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My mother’s doctor gave her something for her memory loss a year ago and she refused to take it. Always saying “ I will let you know when I think my memory is getting bad”. She says her memory is too good that she wishes she could forget some things.


She's Asian but has been here in the states for 55 years. She has always spoken broken English. I would imagine that affects the mind even more having to translate the way she does...? Does anyone else have a parent from Asia?

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I know there are medications that help slow the progression of some forms of Dementia and this may be what your thinking of. There are several herbs and suplaments proported to be good for memory but they wouldn't require a prescription pad and that would be a very progressive doctor but either way if your mom is responsible for her own medications its likely a loosing battle to get her to take something she doesnt want to and I'm not convinced there is definative research proving medications to slow the pregression of Dementia make a big diggrence and they do know not for all paitents and only for specific dementias so I'm not sure it's worth fighting over.

I'm also not sure your question is really about the medication, it sounds like you are concerned she might be developing cognitive issues and are trying to be proactive. From things I have heard and read over the years about keeping the mind sharp (not dementia specifically necessarily) using it to translate and using multiple languages is actually a benefit not a hindrance, it helps keep your brain muscle exercised and sharp so she might actually be helped by English not being her first language and good for her for using English all these years! Are you sure she translates in her head still, I have known several people who are bilingual and they each said there came a point where they began thinking in that second language when speaking it rather than translating. I always though what a skill being able to move back and forth between languages thinking and speaking in them as though you had 2 first languages. Anyway I digress, while I am not of Asian decent I think your moms language barrier may be helping her brain rather than hurting it. If she does go down the dementia road though don't be surprised if in the future (probably well down the road) she reverts back to her native tongue full time, I have also heard this isn't uncommon.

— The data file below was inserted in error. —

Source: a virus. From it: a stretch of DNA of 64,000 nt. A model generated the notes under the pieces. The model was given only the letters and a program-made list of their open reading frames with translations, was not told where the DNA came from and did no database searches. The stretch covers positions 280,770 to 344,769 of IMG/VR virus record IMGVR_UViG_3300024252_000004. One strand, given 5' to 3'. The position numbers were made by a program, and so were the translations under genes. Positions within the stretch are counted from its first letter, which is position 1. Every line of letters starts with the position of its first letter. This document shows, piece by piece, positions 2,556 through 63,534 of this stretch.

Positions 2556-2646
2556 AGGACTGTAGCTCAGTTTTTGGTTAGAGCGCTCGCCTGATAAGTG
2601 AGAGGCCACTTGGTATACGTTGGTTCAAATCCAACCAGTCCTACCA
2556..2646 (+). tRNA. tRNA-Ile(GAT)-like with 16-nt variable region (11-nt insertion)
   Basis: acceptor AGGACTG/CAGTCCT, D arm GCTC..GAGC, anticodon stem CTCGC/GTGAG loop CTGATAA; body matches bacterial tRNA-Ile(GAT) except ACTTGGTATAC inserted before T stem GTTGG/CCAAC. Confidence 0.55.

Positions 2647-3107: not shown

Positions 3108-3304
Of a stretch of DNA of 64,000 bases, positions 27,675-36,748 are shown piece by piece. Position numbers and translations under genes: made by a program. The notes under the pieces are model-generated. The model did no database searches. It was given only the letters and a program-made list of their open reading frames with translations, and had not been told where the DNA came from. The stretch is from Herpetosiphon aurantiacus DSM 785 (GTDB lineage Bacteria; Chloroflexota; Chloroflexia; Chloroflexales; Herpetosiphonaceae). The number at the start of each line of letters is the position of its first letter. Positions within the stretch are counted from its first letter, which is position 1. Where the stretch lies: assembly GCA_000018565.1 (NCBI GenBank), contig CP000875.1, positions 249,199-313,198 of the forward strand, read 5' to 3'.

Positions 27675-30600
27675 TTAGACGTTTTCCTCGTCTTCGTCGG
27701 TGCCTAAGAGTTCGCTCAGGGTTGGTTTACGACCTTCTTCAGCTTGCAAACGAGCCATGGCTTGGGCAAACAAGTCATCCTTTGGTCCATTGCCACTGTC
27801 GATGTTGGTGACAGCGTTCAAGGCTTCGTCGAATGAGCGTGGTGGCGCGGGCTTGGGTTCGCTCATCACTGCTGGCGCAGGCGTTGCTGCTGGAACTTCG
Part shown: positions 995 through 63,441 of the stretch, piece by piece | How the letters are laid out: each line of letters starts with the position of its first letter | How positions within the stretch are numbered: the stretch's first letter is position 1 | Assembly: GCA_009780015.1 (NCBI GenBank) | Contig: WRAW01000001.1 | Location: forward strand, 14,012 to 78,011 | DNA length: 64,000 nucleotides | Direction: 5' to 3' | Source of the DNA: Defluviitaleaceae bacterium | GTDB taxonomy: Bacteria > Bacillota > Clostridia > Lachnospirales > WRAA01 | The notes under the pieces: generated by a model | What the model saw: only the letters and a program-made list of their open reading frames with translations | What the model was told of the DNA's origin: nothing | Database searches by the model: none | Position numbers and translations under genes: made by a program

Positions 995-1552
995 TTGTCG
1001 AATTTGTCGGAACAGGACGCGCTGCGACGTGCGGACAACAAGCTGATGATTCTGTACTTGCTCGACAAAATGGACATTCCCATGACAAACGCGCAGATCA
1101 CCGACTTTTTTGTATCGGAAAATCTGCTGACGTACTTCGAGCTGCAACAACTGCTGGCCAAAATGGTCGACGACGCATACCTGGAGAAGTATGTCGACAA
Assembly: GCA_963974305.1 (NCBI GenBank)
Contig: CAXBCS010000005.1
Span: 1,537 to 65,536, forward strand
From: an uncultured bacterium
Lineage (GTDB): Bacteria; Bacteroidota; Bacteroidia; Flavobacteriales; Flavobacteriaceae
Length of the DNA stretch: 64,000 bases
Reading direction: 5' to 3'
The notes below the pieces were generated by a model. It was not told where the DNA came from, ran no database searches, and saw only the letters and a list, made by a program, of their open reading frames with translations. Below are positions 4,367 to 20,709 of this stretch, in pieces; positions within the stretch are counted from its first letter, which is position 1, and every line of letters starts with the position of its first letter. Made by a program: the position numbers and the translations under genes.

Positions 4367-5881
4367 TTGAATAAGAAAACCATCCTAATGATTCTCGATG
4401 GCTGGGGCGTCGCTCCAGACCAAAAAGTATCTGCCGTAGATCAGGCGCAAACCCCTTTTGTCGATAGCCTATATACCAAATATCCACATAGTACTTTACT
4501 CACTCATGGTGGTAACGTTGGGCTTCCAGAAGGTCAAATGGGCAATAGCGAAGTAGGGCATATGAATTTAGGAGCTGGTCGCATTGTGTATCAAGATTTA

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Ginnybg Nov 30, 2019
Wow! Thank you, I had not thought of it that way, but yes, exercising her brain in any capacity is good.
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There really are no proven medications to stop memory loss. Anyone else? Not that I have heard of. Remember that doctors get 6% of scripts they write out, and often write out scripts for unproven things. If anyone knows of any proven memory loss prevention medications I would love to see the research on them. I honestly do not know of anything proven. Please research the medications prescribed carefully just as a cash loss prevention thing.
I think that the stubbornness for some in taking even needed medications is not certainly limited to those of Asian descent. It seems a universal problem here at the forum.
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Are you referring to Aricept? It does not help memory.

https://www.webmd.com/drugs/2/drug-14335/aricept-oral/details
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There is not a medication that will treat memory loss. There are medications that will treat symptoms of dementia. There are no proven meds that will slow dementia progression.
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